The Whole and the Parts – The Series

I’ve written a number of posts where the main theme is a whole that is more than just the sum of the parts.  Whenever you have a whole, it is worth looking to see if the nature and the behavior of the whole is fully captured by looking at the sum of the natures and the behaviors of the parts.  Sometimes the whole is indeed exactly like the sum of its parts – the name we have for these kinds of situations is linear.   The behavior of linear systems is extraordinarily important, both practically and theoretically.  Though linear behavior sounds very simple, thinking about linear behavior and analyzing it will quickly get us into very interesting territory.  The posts on Groupings, Shopping List, and Vectors (accessible from here), is meant as an entry point into this territory.

In other cases, at least as important, there is something about the whole that is not quite captured by looking at the sum of the parts.   Though generally harder to analyze, there are fortunately lots of specific cases that are both of great practical interest and can be made sense of.

The Prisoner’s Dilemma – the classic example where what’s good for each is not what’s good for both – and they aren’t even competing for the same resources!

Feedback Loops – a feedback loop can make a bunch of parts into a whole, and give it new properties.

Packaging – The grocery store may let you buy one can out of a six pack, but won’t let you buy half a can.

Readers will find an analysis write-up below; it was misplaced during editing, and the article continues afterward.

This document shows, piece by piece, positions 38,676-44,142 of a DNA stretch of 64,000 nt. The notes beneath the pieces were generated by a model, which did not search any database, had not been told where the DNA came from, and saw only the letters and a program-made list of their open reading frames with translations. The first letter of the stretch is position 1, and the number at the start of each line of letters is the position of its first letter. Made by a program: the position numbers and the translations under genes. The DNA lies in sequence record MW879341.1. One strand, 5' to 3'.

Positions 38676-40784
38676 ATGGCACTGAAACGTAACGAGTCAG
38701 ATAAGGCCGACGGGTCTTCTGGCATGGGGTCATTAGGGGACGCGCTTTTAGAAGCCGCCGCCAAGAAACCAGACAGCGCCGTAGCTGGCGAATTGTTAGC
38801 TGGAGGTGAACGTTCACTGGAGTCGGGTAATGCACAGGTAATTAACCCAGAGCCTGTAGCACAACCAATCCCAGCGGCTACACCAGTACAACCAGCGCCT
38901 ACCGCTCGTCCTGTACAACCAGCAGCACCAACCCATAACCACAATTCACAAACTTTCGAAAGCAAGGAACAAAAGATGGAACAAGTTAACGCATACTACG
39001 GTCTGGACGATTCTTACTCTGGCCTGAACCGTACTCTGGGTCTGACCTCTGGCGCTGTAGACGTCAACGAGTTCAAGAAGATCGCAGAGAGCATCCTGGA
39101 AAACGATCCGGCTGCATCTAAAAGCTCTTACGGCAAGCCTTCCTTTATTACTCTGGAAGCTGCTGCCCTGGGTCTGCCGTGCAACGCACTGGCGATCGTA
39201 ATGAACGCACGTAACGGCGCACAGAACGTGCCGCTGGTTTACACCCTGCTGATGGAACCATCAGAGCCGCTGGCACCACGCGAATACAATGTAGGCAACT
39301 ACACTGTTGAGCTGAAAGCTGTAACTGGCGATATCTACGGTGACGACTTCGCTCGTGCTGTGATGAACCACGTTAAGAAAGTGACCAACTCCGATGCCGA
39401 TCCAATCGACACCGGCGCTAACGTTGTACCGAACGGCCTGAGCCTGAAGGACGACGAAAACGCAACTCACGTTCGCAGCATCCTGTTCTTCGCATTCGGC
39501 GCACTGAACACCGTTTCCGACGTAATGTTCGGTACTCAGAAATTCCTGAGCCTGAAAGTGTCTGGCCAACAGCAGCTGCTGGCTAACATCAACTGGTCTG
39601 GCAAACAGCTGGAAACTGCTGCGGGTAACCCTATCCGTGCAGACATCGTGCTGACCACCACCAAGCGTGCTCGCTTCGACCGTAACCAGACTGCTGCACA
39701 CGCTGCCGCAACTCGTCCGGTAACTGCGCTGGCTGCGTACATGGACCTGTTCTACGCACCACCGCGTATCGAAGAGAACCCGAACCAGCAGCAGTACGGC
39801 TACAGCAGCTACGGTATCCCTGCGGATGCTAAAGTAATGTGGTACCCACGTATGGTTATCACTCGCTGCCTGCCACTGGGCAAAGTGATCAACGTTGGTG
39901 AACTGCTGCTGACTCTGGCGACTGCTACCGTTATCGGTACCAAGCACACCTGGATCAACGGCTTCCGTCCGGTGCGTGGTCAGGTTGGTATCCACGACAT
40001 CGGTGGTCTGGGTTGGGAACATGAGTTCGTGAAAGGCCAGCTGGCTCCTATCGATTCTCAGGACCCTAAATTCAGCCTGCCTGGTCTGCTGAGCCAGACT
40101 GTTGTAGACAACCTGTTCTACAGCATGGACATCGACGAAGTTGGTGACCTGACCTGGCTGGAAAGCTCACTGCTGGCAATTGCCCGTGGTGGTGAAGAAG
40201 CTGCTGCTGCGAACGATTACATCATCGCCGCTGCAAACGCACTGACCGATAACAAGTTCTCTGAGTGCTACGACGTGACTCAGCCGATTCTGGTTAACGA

Memory and Hysteresis – How do you make a whole that remembers something about its past?  It’s actually quite common.  We use a retractable ballpoint pen as a simple example.

Black Boxes – We enter into territory where we don’t know what the parts are that make up the whole.

You may also like my other blog, Avoid the Rush, where comparison of properties of the whole and those of the parts is a major theme throughout.

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About Bert Speelpenning

http://unlearningmath.com is my blog on math learning and math teaching. My background is in the high-tech computer software industry (I've got a PhD in Computer Science from the University of Illinois) and worked for Hewlett Packard, Silicon Graphics, Borland and finally for Microsoft till I left in 2000. I have since worked in the area of math learning, with students (7-9th grade) and teachers (elementary school level). I own an independent educational consulting business called Math Partners.
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